The Glass Menagerie
Review by Franco Milazzo
Its taken her a lifetime but finally the American stage and TV actress Cherry Jones has finally made it to London in an inspirational revival of The Glass Menagerie.
Jones may be more familiar to British audiences through TV shows like 24 and Black Mirror but in her home country she is revered for her theatre work. She starred in this award-winning version of the semi-autobiographical Tennessee Williams classic when it appeared in Boston and Broadway and, along with Brian J Smith as the Gentleman Caller, follows it over her as it debuts at the Duke of York Theatre.
Matriarch Amanda Wingfield lives with her son Tom and daughter Laura. Her husband worked for a telephone company, “fell in love with long distance” and abandoned the family a dozen years ago. Tom is a dreamer who skives at work to write poems and considers emulating his father’s escape. Laura is a shy, limping creature and keeps a collection of glass figurines.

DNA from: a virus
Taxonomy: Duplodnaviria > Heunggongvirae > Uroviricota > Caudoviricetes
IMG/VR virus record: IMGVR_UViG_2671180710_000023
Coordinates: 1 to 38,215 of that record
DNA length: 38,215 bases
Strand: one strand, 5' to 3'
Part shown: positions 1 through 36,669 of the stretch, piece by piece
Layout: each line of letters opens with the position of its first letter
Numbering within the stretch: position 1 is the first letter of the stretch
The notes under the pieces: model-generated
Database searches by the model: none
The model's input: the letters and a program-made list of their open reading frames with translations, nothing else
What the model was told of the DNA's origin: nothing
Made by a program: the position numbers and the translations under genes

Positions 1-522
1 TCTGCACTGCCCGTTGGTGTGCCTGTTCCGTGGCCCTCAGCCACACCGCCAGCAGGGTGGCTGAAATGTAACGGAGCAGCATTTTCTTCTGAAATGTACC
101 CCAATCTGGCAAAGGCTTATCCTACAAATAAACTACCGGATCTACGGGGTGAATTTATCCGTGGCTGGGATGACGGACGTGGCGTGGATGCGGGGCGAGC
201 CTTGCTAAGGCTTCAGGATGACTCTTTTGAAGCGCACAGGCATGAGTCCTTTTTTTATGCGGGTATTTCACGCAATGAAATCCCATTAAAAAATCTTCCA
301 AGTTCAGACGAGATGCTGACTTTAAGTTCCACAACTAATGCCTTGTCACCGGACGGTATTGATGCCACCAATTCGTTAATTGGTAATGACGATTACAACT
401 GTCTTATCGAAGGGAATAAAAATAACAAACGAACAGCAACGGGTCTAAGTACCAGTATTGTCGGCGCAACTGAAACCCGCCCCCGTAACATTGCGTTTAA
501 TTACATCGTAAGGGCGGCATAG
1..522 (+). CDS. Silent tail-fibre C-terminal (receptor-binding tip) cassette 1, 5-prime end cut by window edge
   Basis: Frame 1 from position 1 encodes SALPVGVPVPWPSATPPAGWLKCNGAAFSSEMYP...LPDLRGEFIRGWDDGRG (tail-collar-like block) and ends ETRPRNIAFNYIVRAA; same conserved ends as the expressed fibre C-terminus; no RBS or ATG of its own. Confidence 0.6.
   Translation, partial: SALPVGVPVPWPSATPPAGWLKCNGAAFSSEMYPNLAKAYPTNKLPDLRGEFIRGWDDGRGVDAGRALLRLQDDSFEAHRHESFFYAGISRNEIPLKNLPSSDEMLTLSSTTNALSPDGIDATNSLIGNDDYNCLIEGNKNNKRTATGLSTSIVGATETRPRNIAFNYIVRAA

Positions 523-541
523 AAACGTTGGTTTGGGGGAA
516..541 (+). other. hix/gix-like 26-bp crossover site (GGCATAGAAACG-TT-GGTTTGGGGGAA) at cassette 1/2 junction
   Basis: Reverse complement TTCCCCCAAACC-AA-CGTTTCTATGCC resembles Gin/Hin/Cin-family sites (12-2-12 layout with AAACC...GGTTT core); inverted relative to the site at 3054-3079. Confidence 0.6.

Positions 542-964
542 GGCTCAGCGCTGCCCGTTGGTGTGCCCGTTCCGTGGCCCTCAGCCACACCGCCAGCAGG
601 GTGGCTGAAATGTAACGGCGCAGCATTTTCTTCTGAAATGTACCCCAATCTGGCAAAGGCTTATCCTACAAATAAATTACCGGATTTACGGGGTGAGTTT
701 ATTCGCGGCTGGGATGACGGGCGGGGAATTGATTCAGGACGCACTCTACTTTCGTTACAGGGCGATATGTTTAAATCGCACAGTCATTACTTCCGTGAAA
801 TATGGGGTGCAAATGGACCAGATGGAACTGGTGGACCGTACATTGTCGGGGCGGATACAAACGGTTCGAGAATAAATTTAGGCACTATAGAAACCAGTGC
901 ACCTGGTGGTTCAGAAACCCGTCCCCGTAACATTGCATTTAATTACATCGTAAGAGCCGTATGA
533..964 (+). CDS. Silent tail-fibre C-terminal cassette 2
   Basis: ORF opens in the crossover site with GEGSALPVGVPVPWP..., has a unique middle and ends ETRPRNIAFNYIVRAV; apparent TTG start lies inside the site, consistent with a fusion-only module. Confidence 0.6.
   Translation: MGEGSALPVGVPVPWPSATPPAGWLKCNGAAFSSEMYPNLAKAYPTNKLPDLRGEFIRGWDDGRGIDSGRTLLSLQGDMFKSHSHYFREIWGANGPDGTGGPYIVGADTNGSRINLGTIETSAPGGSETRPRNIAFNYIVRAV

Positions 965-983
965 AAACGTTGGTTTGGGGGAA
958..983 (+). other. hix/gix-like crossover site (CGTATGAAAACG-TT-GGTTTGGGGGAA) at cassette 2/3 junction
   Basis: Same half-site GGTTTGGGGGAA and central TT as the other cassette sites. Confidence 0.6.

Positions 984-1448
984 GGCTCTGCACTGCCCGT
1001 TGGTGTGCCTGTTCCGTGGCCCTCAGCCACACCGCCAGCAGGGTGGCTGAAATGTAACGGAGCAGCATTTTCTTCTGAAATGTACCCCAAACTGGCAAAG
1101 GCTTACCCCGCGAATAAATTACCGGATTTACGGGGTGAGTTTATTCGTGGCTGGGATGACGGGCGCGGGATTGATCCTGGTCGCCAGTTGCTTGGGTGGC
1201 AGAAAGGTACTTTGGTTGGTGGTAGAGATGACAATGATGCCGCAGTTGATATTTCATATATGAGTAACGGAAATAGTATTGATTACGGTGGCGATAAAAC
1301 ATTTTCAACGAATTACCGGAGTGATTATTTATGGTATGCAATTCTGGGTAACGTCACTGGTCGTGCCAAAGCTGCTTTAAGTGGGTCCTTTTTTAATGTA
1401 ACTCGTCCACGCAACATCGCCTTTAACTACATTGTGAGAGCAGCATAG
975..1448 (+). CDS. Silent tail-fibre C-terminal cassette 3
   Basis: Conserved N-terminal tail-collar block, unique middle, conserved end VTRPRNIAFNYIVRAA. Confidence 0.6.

With strongly autobiographical elements, Williams’ “memory play” conjures with the concepts of time and perception, love and family, and duty and desire. His script is scattered with aphorisms aplenty like “the future becomes the present, the present the past, and the past turns into everlasting regret if you don’t plan for it” and “all pretty girls are a trap, a pretty trap, and men expect them to be.”
The role of Amanda is a killer one and it is easy to why it has attracted the likes of Jessica Lange, Katherine Hepburn, Sally Field and the original Sally Bowles Julie Harris. Double Tony-winner Jones does a superb job in bringing out the character’s strength and tragic nature while never disappearing into a puddle of self-pity and sentimentality.
Jones is worth the ticket price alone and she is joined by a worthy cast. Taking over from Zachary Quinto (who played Tom in both the US runs), Michael Esper does a sterling job as the boy with his head in the clouds. As the timid Laura, Kate O’Flynn truly finds the heart of a character who – between a mother tethered to the past and a brother whose eyes are fixed to the future – seems content to live in the present. Smith only appears in the final act but does a magnificent job as the catalyst of this play’s most dramatically crucial moments.
In giving us glimpses of his difficult past, Williams uses the metaphor and magic realism in The Glass Menagerie superbly. Those new to this play will enjoy this witty and light approach to what is ultimately a deeply depressing story; connoisseurs will surely revel in Jones’ astonishingly bravura turn.